A 'Captivating' Argument for a Global Insurance Proposition

Daniel Lim

Introduction

This article will explore the concept of the ‘Global Insurance Structure’, how to facilitate such an arrangement and the benefits of doing so. The global insurance policy (or policies) can provide a consistent integrated approach to risk mitigation in multiple jurisdictions and territories. Finally, the article will address the benefits of creating a 'Global Captive Structure' as an alternative approach.

 

 

 

 

Why Create a Global Insurance Policy (or Policies)?

There are several benefits of creating a Global Insurance Structure, as opposed to stand alone policies in each territory. The underlying benefit emanates around the ability to centralise the function, thereby creating more control and potential cost savings. This, in turn, gives a consistency of covers with a wider wording that can be chosen by the purchaser. It also means that the company can set its own investment strategy. In the event that a claim does materialise the global structure should provide a centralised claims function which is consistent across all jurisdictions. The reader should note the words ‘control’ and ‘consistency’ which appears throughout this article.

The Mechanics

As mentioned previously, a centrally controlled programme from a 'Master' location can provide a consistent portfolio of insurance for all subsidiary companies. 

Practically a Master policy in the home territory provides coverage for the entire group. Where local ‘Admitted’ coverage is required*, a fronting policy can be arranged with the Master policy containing a 'Different in Conditions / Difference in Limits' clause. This means that cover in that local territory can potentially be enhanced by the Master policy and that taxes & levies are compliant with the local law. In jurisdictions such as the United Kingdom, where the insurance market is highly developed, this can result in wider coverage that may not otherwise exist in that local territory. However, with Brexit restrictions on Freedom of Services and FCA passporting, the limitations must be considered when placing business from & into the United Kingdom.

In addition to this, the logistical challenges of collecting information, the payment of invoices and the handling of claims can be ameliorated by a centralised approached. Stemming from the central location, information can thus be filtered down to local experts in order to provide a seamless and tailored approach.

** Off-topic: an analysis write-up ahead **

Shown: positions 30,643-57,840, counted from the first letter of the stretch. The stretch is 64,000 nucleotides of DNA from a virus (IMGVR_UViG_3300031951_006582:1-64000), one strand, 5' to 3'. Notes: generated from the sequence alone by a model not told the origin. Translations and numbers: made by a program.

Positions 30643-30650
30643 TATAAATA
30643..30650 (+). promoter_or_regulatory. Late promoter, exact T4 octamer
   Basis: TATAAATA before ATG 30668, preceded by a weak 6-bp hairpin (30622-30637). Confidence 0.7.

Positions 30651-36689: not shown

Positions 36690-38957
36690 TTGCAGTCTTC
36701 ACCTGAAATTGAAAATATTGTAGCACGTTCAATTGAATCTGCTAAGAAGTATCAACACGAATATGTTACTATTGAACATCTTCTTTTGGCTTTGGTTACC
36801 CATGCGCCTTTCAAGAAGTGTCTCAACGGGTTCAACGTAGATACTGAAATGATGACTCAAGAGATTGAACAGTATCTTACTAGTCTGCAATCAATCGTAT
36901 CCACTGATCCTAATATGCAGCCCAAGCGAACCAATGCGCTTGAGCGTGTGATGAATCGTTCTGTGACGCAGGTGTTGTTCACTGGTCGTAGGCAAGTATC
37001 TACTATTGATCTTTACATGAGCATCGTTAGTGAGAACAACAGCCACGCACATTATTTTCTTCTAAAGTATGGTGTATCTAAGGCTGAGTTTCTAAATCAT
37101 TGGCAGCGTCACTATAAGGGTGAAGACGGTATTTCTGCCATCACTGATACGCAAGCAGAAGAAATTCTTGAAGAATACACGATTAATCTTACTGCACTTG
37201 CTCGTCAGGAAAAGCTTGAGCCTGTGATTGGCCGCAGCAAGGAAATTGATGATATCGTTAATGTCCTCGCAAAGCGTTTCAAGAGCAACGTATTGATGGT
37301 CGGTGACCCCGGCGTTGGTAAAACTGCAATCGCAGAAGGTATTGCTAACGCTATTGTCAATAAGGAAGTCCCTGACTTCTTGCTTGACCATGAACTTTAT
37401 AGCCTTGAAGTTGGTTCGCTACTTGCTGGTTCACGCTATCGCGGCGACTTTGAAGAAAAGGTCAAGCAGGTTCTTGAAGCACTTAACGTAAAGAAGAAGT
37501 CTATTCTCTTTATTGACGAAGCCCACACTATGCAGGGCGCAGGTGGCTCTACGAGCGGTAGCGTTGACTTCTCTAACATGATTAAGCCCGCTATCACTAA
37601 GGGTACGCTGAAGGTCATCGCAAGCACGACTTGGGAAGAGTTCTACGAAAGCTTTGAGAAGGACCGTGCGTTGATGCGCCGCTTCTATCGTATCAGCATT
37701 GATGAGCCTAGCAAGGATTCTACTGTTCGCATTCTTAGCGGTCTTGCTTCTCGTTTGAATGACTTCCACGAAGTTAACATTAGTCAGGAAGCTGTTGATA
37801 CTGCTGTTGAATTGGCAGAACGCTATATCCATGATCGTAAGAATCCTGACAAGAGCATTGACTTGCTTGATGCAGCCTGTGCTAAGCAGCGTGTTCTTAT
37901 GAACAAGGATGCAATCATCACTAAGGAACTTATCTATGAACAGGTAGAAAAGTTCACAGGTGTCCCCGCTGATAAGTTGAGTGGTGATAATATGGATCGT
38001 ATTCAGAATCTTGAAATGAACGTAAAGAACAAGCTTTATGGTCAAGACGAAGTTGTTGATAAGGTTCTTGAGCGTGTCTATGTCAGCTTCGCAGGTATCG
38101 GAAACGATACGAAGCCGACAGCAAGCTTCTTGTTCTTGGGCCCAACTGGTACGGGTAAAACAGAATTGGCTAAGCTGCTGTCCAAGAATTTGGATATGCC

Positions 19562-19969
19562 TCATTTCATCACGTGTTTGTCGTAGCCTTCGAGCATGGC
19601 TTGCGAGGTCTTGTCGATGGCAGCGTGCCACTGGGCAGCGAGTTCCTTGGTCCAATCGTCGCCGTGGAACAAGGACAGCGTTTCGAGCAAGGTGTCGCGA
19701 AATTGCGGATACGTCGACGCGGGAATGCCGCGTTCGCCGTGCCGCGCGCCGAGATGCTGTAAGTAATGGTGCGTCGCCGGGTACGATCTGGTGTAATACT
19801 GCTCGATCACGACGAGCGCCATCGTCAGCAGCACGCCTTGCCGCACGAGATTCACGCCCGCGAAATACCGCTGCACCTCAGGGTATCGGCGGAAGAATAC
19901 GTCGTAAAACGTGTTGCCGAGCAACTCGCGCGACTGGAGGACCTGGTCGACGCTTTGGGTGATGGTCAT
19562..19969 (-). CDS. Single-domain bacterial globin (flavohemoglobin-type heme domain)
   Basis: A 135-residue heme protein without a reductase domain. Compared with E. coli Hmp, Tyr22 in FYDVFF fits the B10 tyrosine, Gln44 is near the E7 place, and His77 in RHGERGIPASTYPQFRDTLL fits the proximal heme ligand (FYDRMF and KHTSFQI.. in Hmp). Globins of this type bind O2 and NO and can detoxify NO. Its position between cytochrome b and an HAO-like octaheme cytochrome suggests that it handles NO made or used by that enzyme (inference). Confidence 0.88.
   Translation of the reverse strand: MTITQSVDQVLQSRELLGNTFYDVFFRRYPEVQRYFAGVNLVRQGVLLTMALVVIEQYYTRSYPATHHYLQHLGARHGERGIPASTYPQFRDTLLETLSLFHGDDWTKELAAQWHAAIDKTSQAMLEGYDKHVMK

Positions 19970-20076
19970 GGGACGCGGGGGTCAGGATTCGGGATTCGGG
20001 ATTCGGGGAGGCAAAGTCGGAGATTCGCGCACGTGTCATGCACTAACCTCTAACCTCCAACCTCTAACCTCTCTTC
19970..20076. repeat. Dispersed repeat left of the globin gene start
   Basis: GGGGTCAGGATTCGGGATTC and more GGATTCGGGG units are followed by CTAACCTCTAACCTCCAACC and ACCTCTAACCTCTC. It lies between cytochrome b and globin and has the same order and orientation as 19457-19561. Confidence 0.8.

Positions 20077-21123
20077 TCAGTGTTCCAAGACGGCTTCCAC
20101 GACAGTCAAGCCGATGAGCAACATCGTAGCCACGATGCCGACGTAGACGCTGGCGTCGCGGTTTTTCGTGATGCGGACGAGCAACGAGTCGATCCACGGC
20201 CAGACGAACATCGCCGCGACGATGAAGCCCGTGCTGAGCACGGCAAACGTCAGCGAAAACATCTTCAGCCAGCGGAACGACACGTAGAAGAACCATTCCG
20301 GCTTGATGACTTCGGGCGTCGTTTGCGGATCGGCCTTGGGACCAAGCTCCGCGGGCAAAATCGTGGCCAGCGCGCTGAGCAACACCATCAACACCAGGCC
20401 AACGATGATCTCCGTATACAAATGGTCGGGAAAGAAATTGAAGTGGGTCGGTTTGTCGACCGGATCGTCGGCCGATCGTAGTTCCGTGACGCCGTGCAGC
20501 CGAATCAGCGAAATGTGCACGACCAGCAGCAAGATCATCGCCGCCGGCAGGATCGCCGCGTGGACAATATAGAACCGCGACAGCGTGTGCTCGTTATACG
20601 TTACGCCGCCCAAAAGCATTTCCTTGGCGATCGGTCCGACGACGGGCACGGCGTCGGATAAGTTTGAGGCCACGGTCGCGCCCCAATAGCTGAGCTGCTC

For certain classes of insurance such as Professional Lines, a Worldwide Jurisdiction / Territorial Limits insurance can be placed from a central point by way of one policy. In this instance caution must be taken as there may be more specific covers or local legislation requirements which can deem it illegal to place insurance outside of the local jurisdiction. There may even be tax implications on claims payments.

*Denotes locally licensed insurance that complies with local regulation

Captive Insurance and Global Considerations

A captive insurance entity is a company which has been set up to specifically provide risk mitigation services. This ‘insurer’ is owned by the company and can therefore result in similar benefits to the global insurance placement i.e. more control, cost savings and consistency. Specifically, there is the potential, but not the guarantee, of tax savings and the ability to share in the profits of effective risk management. In fact, more than 90% of Fortune 500 companies have adopted a captive structure. Again, similar to the global insurance structure, a captive may only facilitate locally compliant cover by utilising a global network of insurance companies.

Conclusion 

This article has explored the various benefits of structuring a global insurance policy (or policies). Due to the very nature of the requirement to cover multi jurisdictions this prohibits the majority of insurers from setting up such an arrangement. The captive insurance structure can provide similar benefits but the running costs of setting up this entity restricts this solution to larger capitalised companies. The author has first-hand experience of structuring global insurance policies and can testify of the benefits. However, in order for the theoretical expectations to match the practical challenge, the issue of centralisation and coordination amongst the various territories may need re-examining.

ABOUT THE AUTHOR

Daniel Lim (IMC, FCII Chartered) is a qualified risk and insurance practitioner with over 15 years experience in the London and International market. He has serviced a number of high profile clients including several notable PLCs but is also passionate about adding value to smaller businesses. He has a keen interest in finance and all topics related to risk management.

Daniel can be contacted on lim112@hotmail.com or via the LinkedIn URL.

DISCLAIMER 

The contents of this article do not constitute advice in any capacity whatsoever and are provided for general information purposes only. 

There is no responsibility from the author for any information contained within this article.

The author excludes any liability in respect of the contents or for action taken based on this information.

This article does not necessarily reflect the views of an employer (past present or future), or any other institution affiliated with the author.

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